You’re probably most likely to be struck by lightning (twice) than to own one of seven remaining genuine Mercedes Benz 300 SLRs, especially the 722 variant.
Considered by many the most valuable car in the world, and by Sir Stirling Moss “the greatest sports racing car ever built”, the SLR was a thoroughbred racer. Introduced in 1955, it was powered by an W196-based fuel-injected 2,981 cc straight-8 boosted to 310 bhp (230 kW), which was driven into the history books by the likes of Juan Manuel Fangio, Stirling Moss, and Pierre Levegh.
So, as you’d imagine acquiring the car that won the famous Mille Miglia event in 1955 is very complicated and outrageously expensive, but there are alternatives. Like getting yourself a replica, for example.
This particular unit, is the fifth and final version, hand-built by the original founder of Proteus Sports & Racing Cars, over a period of two years. It’s a very rare example of automotive craftsmanship, as it took two years to finish. Being a high-end recreation, the car respects the exact dimensions of the original and utilizes the highest quality components.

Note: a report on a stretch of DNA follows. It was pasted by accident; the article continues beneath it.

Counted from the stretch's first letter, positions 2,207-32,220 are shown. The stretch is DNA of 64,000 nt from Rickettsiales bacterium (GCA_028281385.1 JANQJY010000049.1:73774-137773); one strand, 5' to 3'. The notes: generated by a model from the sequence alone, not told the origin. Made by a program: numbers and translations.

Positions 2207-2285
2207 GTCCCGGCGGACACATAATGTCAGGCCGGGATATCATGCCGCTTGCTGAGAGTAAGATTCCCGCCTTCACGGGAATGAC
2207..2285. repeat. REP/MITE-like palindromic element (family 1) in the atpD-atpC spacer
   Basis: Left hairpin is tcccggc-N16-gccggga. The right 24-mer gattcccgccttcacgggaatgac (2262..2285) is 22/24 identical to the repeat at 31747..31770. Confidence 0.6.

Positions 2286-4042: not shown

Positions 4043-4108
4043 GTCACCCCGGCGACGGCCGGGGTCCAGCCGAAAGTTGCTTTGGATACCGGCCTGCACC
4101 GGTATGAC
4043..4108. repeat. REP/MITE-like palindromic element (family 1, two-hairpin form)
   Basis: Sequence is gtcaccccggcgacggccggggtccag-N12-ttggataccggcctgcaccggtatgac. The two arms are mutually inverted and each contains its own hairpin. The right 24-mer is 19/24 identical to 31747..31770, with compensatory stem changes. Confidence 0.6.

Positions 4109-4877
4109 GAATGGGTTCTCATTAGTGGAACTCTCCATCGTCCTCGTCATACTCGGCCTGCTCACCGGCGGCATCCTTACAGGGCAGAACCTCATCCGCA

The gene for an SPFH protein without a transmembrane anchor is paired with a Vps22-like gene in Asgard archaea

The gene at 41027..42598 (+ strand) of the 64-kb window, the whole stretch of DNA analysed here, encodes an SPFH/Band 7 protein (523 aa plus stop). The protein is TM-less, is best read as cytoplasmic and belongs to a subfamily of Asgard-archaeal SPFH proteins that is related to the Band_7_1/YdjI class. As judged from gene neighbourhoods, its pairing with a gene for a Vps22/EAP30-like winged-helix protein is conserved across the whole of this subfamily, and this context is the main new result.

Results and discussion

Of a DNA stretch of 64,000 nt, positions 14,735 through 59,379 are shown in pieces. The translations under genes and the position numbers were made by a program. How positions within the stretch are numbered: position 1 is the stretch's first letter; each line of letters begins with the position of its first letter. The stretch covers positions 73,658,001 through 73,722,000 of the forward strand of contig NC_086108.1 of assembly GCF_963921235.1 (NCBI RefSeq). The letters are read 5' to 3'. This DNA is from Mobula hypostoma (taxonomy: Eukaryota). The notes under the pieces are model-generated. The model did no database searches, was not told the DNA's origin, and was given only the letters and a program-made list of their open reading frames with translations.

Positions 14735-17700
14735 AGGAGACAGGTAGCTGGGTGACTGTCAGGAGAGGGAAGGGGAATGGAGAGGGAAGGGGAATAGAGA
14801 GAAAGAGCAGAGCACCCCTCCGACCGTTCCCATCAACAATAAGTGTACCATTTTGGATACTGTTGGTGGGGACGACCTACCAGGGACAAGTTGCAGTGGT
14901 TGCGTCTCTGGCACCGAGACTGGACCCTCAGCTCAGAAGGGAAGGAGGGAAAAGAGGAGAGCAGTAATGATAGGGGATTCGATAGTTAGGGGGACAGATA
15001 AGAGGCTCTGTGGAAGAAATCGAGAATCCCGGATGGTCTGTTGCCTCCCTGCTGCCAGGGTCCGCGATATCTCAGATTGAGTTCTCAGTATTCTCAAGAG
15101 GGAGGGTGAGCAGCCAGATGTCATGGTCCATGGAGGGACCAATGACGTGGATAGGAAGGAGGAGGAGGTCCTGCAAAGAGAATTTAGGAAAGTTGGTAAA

The aluminum body, for instance, was crafted by Clive Smart of Shapecraft – one of the most noted UK body shops. Mechanically, the SLR is powered by a Mercedes-Benz M110 engine taken from a 280E model, mated to a four speed manual gearbox – reportedly rebuilt to the highest standards by Crewe Engines. Sure, the power deficit may be noticeable, but knowing it was constructed with carefully selected genuine Mercedes Benz parts, the car is close to the original as possible.
The vehicle is offered for sale by the original owner and it’s estimated to fetch between €320,000 and €360,000 ($361,984 – $407,232). Much cheaper than the $50 million original, right?